Ok, it’s not ramen, but if Keizo can review it, well, so can I! I’ve been wanting to try Wonton Forest after reading some rave reviews, and though my first love is ramen, I’m up for just about any type of noodle dish. Sure, some ramenyas serve wonton men, which is another wonderful Chinese/Japanese hybrid, but a wontonmen ?????? at a ramenya is quite different than a Chinese, actually Hong Kong style, wonton mien ??? (or wantan mee in Cantonese). A Japanese wontonmen is typically a shoyu ramen, complete with shoyu broth, ramen noodles, ramen toppings, and…wontons! Hong Kong style wonton noodle soup, on the other hand, has a lighter soup base that’s typically more of a chicken and fish stock, hard, thin egg noodles, wontons, of course, and is typically topped with Chinese broccoli or bok choy, and nothing else.
I ordered the Wonton Forest noodle soup, which comes with “pork and shrimp wontons served with choy sum, sliced pork, flavored egg, (and) topped with roasted garlic and green onions.” I looked around and admired the simple decor in the restaurant while waiting for my food.
The noodles arrived promptly: a nice hot steaming bowl of wonton noodle soup on a cold cold day. The soup was very light, with a slightly strong fishiness to it. The fish flavor reminded me of Vietnamese fish sauce, and blended well with the wonton soup. Really, my first reaction to the soup was “wow! delicious!”
Wonton Forest offers the option of making any noodle dish dry, without soup, and for an additional 50 cents. With soup this good, though, I don’t see the point. (Apparently, I’m an idiot, and I should have my wife proofread these. The noodles are “dry” but the soup is served on the side. This is a popular way to eat soup noodles in Chiu Chow ??, China…as is “chiu chow noodle soup,” which is on the menu. Sigh.)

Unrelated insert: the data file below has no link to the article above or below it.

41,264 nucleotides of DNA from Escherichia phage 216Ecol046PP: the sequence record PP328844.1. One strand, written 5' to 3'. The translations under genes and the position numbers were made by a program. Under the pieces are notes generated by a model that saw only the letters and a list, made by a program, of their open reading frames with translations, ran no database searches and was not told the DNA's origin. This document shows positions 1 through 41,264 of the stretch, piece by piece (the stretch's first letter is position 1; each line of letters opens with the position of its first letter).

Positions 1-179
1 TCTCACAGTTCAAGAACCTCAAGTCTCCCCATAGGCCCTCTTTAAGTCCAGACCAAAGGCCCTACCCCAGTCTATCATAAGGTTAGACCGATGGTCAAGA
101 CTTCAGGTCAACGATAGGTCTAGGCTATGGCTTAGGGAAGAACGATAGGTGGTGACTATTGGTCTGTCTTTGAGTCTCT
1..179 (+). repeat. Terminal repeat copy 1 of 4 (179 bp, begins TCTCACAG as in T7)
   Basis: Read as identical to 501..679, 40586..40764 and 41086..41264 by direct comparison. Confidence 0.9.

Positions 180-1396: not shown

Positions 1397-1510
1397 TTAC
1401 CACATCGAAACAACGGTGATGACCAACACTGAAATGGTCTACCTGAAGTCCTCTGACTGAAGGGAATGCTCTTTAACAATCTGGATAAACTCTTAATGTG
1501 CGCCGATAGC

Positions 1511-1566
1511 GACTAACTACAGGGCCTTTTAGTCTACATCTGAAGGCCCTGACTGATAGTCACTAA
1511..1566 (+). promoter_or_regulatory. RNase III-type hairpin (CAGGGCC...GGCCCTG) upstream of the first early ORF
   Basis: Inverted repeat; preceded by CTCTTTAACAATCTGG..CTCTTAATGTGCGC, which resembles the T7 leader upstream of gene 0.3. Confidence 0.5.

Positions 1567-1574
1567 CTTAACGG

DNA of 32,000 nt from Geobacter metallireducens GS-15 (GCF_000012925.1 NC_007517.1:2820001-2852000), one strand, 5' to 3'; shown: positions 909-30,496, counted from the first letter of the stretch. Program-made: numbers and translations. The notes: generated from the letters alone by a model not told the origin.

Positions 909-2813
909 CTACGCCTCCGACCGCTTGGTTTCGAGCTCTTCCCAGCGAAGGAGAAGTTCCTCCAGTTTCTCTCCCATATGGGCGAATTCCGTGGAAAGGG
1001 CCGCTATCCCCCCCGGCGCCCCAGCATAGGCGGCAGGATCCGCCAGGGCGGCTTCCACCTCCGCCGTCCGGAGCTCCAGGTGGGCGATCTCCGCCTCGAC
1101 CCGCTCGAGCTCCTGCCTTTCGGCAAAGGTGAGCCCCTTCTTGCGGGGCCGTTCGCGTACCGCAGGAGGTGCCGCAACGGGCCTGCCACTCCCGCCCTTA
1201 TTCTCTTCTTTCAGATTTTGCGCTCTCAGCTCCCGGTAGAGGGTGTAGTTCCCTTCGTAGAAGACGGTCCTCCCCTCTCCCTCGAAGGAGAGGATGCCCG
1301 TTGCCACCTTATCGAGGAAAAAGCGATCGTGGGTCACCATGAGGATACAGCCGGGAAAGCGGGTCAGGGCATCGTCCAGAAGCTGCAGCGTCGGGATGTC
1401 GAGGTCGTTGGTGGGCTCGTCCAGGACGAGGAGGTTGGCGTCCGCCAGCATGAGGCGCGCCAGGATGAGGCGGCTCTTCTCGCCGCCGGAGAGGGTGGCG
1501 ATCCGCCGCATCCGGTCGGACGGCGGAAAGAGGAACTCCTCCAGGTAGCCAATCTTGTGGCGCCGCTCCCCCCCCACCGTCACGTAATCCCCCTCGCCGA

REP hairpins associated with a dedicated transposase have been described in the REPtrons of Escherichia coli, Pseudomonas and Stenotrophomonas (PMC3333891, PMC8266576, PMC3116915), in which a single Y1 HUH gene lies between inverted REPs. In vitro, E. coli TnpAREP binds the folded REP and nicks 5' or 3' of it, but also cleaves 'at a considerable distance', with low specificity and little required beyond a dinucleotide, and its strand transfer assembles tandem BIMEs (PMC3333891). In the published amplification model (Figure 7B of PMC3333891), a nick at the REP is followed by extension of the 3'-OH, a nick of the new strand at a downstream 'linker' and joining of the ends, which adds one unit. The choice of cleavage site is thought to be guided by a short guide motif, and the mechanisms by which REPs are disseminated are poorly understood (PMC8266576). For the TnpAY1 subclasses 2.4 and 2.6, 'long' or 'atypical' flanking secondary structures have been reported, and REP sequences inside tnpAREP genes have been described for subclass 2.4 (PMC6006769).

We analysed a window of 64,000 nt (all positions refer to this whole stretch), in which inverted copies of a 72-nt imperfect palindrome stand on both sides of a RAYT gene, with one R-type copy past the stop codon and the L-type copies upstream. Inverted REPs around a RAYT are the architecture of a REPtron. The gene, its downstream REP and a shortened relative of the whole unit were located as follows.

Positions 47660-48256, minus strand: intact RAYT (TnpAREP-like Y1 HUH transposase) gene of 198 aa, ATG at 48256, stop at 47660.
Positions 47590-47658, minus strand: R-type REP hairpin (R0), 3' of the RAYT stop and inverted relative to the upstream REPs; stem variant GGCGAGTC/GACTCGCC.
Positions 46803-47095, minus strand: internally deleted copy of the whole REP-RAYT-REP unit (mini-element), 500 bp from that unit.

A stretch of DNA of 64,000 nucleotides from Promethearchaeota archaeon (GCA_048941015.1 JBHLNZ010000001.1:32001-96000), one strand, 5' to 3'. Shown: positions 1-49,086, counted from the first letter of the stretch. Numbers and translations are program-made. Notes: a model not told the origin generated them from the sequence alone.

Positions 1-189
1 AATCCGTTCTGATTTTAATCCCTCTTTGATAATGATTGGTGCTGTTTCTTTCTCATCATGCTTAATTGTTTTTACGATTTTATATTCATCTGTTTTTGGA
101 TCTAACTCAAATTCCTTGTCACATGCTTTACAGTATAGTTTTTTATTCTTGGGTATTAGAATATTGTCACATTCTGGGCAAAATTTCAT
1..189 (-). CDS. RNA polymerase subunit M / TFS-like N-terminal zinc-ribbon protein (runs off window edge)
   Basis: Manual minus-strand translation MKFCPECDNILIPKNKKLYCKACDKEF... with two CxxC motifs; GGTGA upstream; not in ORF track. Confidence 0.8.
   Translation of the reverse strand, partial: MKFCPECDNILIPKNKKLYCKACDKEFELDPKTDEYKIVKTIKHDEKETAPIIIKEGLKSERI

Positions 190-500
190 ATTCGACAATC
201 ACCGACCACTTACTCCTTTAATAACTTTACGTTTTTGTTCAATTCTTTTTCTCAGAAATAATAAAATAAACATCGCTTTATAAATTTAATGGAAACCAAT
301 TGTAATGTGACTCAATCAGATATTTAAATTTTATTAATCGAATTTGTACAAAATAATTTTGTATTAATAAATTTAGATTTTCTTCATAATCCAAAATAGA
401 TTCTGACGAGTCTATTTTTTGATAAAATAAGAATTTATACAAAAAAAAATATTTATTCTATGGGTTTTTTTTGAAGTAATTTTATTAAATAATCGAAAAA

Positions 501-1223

The noodles were just a touch softer than what I’m used to with wonton men, but still very chewy and tasty. The flavored egg was decent and it seemed like the marinade consisted of soy sauce and nothing else. The thinly sliced chashu was tender if unremarkable, and really just plays a bit role. I just realized while writing this…I don’t think my wonton noodle soup was “topped with roasted garlic.” I don’t remember any noticeable garlic flavor, and I don’t see any garlic in my pictures. That said, I think I’m glad there was no garlic. I think the strong garlic flavor would be too strong a contrast to the light flavored soup.
Oh, did I leave out the wontons? At first, I thought I was going to get seperate pork and shrimp wontons. That is, I thought it would come with pork wontons, and shrimp wontons. I was a bit surprised that the wontons contained both shrimp and pork, but what a great surprise! These were some seriously great wontons! The proportion of shrimp to pork was perfect and flavorful. The minced onions and seasoning in the wontons played a superb supporting role, enhancing the overall flavor while staying in the background.
Good service, delicious food, and hep decor. If this web site was called wontonwontonwonton.com (hmm…), Wonton Forest would get an 8 out of 10.
18230 Gale Ave
City of Industry, CA 91748
Mon-Sat: 11am to 3pm, 5pm to 9pm
Sun: 11am to 3pm